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June 2, 2005
Future Primate Facility Scuttled After Animal Liberation Front Attack
Quakertown, PA: Less than one week after the Animal Liberation Front (ALF) visited a Pennsylvania plant nursery whose owner was planning to convert it into a primate importing center, plans for the conversion were scuttled. Owner Michael Hsu said he's pulling his application to open the kennel because of site limitations he discovered in an engineering report. He said the building needed for the facility is simply too large for the property available.
''We're not intimidated by the vandals, and if we would have been allowed to go through the proper channels, we would have come to this conclusion anyway,'' Hsu said Wednesday.
"Right. As long as Hsu is no longer going to sell hundreds of non-human primates into a life of misery at the hands of animal experimenters, I don't care what reason he gives publicly for abandoning his ill-devised scheme." stated Dr. Jerry Vlasak, a former animal researcher who now
criticizes the use of animals by institutions who use them to gain additional funding.
Linda Howard, a spokeswoman for the Allied Effort to Save Other Primates in San Antonio, Texas, said she was pleased with Hsu's decision. ''I am happy because regardless of why they're doing this, it's a good thing for primates of the world,'' Howard said.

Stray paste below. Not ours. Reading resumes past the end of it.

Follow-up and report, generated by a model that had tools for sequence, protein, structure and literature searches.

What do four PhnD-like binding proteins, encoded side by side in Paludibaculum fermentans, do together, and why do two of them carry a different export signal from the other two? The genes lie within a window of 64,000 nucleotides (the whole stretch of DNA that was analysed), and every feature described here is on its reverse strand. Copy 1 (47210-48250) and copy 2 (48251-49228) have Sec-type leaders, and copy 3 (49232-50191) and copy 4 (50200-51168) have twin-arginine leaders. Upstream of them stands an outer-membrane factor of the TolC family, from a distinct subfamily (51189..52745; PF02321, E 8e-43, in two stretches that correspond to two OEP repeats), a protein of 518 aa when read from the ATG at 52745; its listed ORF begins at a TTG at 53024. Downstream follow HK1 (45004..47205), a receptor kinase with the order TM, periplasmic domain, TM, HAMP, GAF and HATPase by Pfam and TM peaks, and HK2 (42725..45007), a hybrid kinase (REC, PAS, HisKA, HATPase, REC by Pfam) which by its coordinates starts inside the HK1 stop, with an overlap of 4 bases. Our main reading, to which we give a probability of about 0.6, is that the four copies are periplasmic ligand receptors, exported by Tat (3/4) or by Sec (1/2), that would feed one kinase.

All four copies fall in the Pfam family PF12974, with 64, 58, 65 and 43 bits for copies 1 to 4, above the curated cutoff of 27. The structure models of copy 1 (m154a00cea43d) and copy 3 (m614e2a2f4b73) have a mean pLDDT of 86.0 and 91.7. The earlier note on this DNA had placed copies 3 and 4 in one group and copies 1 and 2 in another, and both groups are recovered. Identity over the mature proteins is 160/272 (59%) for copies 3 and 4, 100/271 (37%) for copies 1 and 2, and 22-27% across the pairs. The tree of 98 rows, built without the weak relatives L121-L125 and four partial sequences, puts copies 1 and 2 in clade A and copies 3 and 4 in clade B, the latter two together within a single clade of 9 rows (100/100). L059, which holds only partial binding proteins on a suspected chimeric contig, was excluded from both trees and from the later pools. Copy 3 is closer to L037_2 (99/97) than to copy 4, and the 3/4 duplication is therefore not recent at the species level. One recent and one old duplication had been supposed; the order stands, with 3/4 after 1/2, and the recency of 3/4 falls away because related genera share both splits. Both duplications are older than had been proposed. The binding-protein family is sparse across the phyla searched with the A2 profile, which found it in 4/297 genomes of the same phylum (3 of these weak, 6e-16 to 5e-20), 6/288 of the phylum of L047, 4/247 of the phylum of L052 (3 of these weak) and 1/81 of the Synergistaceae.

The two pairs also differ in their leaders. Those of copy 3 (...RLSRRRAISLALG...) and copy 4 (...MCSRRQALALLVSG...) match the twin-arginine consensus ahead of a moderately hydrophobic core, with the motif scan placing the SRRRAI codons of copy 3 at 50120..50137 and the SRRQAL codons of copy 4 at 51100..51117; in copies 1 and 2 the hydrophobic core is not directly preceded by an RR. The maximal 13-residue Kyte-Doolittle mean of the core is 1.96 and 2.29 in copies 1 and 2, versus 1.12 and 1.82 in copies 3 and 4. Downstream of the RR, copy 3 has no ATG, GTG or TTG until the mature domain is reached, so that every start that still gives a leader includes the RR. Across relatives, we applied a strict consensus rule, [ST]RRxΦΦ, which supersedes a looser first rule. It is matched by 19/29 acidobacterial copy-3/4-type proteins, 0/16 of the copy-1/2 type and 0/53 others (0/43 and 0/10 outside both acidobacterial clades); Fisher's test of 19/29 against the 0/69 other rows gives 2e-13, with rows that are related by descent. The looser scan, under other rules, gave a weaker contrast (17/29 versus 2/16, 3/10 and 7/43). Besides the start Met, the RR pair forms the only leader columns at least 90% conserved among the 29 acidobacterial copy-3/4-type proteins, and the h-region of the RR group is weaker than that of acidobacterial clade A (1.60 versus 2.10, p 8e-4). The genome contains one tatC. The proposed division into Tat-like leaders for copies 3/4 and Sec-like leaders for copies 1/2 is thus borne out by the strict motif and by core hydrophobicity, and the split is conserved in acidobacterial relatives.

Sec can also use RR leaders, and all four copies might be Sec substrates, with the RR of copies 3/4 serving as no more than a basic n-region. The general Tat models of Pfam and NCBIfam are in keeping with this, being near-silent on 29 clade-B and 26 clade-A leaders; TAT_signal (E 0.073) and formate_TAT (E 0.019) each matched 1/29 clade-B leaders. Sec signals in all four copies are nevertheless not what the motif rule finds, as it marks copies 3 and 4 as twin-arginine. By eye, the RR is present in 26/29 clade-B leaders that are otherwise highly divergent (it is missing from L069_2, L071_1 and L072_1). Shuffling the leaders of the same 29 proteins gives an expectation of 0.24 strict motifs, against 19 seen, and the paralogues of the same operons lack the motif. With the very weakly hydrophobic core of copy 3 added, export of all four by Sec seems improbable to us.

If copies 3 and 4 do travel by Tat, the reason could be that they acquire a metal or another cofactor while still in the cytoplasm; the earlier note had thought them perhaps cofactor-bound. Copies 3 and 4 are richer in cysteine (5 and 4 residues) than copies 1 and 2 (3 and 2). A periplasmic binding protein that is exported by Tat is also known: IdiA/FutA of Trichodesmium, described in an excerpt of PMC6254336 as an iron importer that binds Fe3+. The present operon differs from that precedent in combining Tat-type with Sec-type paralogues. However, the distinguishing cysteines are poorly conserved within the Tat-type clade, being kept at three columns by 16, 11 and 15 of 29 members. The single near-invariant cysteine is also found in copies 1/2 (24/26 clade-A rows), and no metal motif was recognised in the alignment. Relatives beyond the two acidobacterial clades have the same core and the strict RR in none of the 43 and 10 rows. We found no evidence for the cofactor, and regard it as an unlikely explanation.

Last week activists had overturned and destroyed about 1,000 peonies, including some rare breeds, poured paint stripper on two vehicles and spray-painted graffiti on buildings and greenhouses at Peonyland, 475 Church Road, Richland Township. They wrote phrases -- such as ''Fuck with primates, get fucked by us. ALF''; ''the ALF is watching''; and ''this will just be the start'' -- on greenhouses and storage garages at the business owned by the Hsu family.
The kennel supposedly would have housed up to 500 monkeys until they were shipped to medical research laboratories, where they would be subjected to painful experiments before being killed, usually years or decades later. The monkeys would have been shipped from a supply company in Beijing, also owned by the co-applicants that include Hsu and his parents, Chao and Susan Hsu.
There is no information yet on who may have vandalized the nursery, said Jerri Williams, a spokeswoman for the FBI's Philadelphia branch. ''We have no leads to indicate that it's any particular person, or who may be responsible for this,'' Williams said Wednesday.